Nutrition-wise blog

Why variety matters

By Jennifer K. Nelson, R.D., L.D. March 31, 2017

Several things happened in the past few weeks that got me thinking about the importance of variety.

A recent article in the journal “Science” presents hope for a tastier tomato. Researchers analyzed the genes of nearly 400 varieties of tomatoes and identified flavor compounds that consumers liked. It came as no surprise that modern commercial tomatoes don’t have the flavor of older varieties.

The recent movie “The Founder” chronicles the building of the McDonald’s fast-food empire. What started as one restaurant in California with speedy service has evolved into more than 36,000 restaurants in over 100 countries around the world.

With millions of customers served daily, it’s easy to believe that McDonalds is the single largest purchaser of beef, pork, potatoes, lettuce and tomatoes in the world. The U.S. preference for meat, potatoes and sweet drinks — a meal that doesn’t have much variety — has gone global.

Finally, I listened to a rebroadcast of an interview with Simran Sethi, author of the book “Bread, Wine Chocolate: The Slow Loss of Foods We Love.” In the interview, she highlights some startling facts about our global food supply:

  • The world is moving toward a global diet — one that is standardizing around wheat, rice, corn, soybeans and palm oil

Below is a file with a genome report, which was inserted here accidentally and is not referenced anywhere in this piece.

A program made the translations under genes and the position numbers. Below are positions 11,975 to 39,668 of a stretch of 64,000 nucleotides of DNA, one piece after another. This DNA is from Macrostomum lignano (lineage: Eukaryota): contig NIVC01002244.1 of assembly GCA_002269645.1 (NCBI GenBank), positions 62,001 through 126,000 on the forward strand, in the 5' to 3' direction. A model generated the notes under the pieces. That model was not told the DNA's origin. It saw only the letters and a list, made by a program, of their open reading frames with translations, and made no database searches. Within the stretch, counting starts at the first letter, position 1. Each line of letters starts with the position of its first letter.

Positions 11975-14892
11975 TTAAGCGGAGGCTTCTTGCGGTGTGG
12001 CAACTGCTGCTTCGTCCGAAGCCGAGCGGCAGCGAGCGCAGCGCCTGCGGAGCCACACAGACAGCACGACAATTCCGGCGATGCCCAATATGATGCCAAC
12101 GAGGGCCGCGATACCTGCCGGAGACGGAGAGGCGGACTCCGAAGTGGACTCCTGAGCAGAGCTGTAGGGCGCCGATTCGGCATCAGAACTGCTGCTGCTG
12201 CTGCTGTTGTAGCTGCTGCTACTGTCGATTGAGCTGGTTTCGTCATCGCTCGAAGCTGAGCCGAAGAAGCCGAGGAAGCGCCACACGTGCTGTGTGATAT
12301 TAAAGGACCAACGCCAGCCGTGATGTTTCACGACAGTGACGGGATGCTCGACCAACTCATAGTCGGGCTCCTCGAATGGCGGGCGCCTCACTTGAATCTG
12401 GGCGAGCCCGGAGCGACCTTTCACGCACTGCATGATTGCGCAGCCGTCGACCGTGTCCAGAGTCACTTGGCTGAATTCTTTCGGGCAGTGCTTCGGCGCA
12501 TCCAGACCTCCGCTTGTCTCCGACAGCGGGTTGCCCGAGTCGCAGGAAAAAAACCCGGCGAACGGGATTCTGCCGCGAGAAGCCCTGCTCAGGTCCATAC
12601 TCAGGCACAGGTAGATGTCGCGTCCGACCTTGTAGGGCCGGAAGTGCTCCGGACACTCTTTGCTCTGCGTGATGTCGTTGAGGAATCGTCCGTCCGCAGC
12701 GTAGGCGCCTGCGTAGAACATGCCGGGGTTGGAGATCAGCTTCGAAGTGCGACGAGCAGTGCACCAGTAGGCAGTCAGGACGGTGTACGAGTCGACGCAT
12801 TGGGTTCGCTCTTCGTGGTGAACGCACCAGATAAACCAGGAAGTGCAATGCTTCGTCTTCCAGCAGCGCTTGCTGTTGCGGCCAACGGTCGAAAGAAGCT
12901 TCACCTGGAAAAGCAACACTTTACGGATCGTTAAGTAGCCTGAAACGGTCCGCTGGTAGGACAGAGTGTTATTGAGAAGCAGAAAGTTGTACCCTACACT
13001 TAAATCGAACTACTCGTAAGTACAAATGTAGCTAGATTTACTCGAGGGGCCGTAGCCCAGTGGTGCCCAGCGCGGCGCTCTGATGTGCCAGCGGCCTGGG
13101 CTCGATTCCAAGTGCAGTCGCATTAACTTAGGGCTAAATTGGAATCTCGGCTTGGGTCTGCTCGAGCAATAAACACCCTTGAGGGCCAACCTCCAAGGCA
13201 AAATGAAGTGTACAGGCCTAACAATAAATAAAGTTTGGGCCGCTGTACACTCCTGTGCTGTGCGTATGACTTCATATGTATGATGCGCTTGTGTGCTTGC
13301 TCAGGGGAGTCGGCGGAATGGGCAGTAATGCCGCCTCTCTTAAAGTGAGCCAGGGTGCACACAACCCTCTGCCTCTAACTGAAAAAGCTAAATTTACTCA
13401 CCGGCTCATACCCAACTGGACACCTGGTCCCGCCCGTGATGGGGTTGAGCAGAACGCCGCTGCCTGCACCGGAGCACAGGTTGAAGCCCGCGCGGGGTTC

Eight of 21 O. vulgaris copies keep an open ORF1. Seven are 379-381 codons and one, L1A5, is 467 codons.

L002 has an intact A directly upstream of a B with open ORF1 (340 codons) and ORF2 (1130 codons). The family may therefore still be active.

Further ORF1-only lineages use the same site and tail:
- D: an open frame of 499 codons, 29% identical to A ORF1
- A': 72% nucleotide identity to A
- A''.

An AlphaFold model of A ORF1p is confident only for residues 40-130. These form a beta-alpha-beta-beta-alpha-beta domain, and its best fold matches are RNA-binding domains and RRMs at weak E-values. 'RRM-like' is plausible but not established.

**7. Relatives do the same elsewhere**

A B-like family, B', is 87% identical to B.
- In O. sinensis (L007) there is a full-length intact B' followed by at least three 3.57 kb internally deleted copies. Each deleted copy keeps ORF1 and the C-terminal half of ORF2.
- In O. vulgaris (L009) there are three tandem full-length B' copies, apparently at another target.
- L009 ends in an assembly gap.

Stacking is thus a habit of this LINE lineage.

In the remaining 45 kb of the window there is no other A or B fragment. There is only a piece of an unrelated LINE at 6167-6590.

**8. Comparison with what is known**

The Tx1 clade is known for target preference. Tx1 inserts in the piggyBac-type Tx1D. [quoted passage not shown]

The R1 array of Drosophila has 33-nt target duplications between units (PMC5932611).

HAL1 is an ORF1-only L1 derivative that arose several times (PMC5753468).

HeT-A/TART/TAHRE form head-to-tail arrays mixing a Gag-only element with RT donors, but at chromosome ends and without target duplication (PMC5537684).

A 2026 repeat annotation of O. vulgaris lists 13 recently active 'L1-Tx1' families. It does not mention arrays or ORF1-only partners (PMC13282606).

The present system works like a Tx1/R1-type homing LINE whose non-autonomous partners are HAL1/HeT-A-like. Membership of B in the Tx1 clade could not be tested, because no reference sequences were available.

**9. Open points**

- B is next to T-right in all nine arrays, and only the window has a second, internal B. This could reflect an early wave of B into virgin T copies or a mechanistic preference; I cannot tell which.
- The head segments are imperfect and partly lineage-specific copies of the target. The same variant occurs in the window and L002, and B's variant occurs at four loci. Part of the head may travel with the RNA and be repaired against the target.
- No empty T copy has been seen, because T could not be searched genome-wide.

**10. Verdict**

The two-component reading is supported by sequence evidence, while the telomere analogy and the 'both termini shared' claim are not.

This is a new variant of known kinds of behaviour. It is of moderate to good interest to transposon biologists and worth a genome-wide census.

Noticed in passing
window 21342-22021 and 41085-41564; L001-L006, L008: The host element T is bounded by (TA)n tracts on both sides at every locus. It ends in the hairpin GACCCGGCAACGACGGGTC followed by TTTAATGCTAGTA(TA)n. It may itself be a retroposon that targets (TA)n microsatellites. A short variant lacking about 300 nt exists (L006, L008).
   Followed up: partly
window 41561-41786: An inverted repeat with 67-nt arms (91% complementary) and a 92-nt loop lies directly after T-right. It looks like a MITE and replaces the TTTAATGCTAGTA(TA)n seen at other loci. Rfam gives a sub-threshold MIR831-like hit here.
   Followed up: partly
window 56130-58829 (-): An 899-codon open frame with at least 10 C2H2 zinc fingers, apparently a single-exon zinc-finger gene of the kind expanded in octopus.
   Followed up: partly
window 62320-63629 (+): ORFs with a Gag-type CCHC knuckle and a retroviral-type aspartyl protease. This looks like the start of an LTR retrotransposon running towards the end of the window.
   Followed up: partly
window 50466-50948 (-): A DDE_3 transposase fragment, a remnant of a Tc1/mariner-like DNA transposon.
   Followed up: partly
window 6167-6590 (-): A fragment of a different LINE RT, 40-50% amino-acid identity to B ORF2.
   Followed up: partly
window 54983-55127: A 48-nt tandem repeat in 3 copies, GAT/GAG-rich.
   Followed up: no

• More than 90 percent of the world’s calories come from 30 species
  • Three-quarters of the food we eat comes from 12 plants and 5 animal species

When I was studying nutrition, one of the three main principles for a healthy diet was variety (along with balance and moderation). No single food can supply all nutrients in the amounts you need.

We’re seeing the effects of lack of variety caused by the global standard diet that is calorie-rich and nutrient poor. According to a 2014 study in “The Lancet,” obesity has increased in both developed and developing nations.

It’s also dangerous to depend on just a few crops, because any one of them could be hit by some disaster, such as , pests or even climate change.

Variety has new meaning for me — and gives new meaning to the quote by William Cowper, “Variety’s the very spice of life.”

I agree with Simran Sethi that it’s time to reshape our food supply by changing up our food choices. Start with fewer fast food meals. Cook outside the box — use fresh ingredients and new recipes. When you’re choosing what to buy, look beyond wheat, rice, corn, soybeans and palm oil. Mix it up and try a new olive oil or some heirloom vegetables. Splurge occasionally with craft beer or chocolate, or specialty coffees.

-Jennifer

http://www.mayoclinic.org/

With

Jennifer K. Nelson, R.D., L.D.

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March 31, 2017